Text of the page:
A major joy of living in Texas comes from our biodiversity, something evident with more than 30,000 known insect species (it’s accepted that we lack a true count of insect diversity here or anywhere else in the world given insects represent more than half of the planet’s total biomass). And in any given winter, insects rarely vanish for more than a few days, give or take sufficient warmth.
But sunshine does not mean warmth. This is a fact insects and arachnids learn the easy way or the hard way. The easy way is they stick their head out long enough to realize their mistake and immediately vanish back into the warmth of their overwintering hideout; the hard way is they leap into the light only to learn too late that cold temperatures spell their demise.
Before the gray overcast of our recent snow storm settled in, a few winks of sunshine bathed my patio long enough to lure critters out with empty promises of comfort. The patio floor is now littered with half a dozen carcasses of leather jackets (crane fly larvae) who didn’t heed my warning about not going into the light. Only in retrospect did I realize they were too young to have seen Poltergeist.
Yet another critter that made an appearance on the last sunny day did listen to me and smartly made a u-turn after recognizing the sun’s deception. Over the course of about 90 seconds, this beetle larva covered a short circular distance in the open as it came from and returned to its bed beneath the wall.
Had I not been standing there watching the goings on and thinking of Carol Anne the whole time, I would have missed the brief visit. By the time I fetched the camera the young beetle had completed three quarters of its round trip, so I snapped a few hurried images before it scrambled out of sight.
About one inch/2.5 centimeters long, its size and general appearance said it was either a rove beetle (a staphylinid; Staphylinidae) or a ground beetle (a carabid; Carabidae). Telling the two apart requires details I can’t determine from the few bad images I snapped, such as the number of leg joints and number of claws on each foot. Also, because this cold insect was covered with dust and dirt from under the wall where it had been sleeping away the winter, important aesthetic details are unfortunately obscured.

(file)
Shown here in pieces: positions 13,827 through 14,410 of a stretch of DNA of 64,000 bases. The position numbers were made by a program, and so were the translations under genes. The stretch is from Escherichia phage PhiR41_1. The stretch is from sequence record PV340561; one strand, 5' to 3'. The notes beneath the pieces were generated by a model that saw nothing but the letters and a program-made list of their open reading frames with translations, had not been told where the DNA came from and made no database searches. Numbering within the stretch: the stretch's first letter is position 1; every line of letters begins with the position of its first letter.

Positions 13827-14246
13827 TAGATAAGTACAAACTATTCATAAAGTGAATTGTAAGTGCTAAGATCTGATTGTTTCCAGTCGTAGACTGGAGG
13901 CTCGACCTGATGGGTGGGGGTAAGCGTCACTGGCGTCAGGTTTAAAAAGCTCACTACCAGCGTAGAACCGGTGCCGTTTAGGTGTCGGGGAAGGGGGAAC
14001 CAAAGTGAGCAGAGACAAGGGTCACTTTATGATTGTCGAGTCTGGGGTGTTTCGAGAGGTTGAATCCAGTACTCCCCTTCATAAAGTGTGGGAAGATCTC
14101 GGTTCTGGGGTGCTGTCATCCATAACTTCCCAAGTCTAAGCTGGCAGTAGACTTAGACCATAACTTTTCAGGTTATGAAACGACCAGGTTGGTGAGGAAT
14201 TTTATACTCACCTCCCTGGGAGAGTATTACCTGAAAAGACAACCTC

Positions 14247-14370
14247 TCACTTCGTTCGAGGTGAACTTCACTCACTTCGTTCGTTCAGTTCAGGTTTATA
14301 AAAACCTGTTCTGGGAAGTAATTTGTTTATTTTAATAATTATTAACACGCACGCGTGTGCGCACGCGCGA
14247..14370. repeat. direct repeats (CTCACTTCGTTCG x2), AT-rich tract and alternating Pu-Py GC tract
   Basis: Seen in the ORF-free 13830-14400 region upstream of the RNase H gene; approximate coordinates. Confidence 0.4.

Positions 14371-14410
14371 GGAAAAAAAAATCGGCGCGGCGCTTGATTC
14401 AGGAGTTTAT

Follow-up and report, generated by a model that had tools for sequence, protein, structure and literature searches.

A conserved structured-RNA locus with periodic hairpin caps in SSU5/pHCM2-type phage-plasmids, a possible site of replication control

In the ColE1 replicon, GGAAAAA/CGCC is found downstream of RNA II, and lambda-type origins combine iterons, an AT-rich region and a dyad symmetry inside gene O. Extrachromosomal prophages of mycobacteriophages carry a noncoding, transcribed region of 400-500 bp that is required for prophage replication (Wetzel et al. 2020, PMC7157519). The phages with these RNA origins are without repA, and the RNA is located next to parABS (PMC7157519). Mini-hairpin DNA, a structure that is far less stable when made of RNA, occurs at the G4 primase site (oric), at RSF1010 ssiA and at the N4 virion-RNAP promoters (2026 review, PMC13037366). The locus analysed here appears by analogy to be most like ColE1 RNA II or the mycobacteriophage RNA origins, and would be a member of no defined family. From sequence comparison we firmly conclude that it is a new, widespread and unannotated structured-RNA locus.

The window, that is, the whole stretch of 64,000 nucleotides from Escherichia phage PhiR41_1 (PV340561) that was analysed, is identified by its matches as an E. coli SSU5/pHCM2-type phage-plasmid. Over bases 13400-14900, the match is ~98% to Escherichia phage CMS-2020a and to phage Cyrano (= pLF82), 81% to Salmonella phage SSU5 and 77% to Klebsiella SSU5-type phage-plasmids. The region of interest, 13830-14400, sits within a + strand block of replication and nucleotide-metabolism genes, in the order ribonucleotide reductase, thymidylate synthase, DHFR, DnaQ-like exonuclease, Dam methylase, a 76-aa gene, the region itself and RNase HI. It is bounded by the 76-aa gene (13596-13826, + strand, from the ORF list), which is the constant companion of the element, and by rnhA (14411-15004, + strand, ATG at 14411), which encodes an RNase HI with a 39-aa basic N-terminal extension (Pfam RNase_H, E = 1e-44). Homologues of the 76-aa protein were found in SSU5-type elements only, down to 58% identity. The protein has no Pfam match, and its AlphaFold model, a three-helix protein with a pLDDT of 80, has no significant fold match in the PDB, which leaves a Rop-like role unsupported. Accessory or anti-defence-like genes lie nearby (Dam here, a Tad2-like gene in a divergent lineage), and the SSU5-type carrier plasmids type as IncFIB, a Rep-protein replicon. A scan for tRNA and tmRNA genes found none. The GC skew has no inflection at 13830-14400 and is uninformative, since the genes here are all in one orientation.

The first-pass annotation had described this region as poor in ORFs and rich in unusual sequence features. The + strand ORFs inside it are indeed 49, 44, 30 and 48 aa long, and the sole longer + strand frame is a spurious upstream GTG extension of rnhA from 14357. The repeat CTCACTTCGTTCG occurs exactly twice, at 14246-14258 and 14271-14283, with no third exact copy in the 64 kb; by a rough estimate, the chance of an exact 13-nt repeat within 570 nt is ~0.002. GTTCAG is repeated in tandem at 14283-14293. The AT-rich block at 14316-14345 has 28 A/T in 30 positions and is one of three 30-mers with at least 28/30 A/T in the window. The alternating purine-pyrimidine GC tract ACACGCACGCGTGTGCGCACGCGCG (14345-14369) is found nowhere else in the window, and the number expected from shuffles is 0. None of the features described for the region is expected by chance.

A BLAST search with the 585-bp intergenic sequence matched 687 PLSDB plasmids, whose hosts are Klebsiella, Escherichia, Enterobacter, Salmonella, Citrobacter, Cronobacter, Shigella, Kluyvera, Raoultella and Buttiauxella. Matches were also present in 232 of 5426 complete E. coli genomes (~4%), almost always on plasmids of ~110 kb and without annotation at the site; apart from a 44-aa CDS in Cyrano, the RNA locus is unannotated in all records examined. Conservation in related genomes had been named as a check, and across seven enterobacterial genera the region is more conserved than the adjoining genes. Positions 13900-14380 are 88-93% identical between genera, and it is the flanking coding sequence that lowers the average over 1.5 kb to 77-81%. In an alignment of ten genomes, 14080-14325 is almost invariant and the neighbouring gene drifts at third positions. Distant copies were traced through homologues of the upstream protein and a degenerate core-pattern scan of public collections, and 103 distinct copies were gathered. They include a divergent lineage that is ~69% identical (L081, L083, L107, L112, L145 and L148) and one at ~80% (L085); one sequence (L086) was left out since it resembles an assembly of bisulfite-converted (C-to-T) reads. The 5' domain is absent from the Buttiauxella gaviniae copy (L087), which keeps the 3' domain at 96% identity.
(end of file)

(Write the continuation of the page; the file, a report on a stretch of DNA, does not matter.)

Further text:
Were I to guess, I’d say it’s a rove beetle larva. That’s based on experience. In ten years in this home, at least five rove beetle species have visited the patio regularly, two of them being large species. I have on many occasions seen adults scampering into hideaways beneath the walls.
Many ground beetles have visited the patio in that time as well; however, the species have not been as consistent and the sizes have been mostly small. The difference is environmental: the ground outside the patio represents heaven for rove beetles but is less inviting for ground beetles. Five paces away in the grass and sandy drainage areas, that ratio flip-flops and rove beetles become the minority.
So all I know is that a respectably sized beetle larva is sleeping beneath the patio wall. Its identity remains a mystery. And whether or not I see it again, I know its kith and kin will visit often in the coming warmer seasons.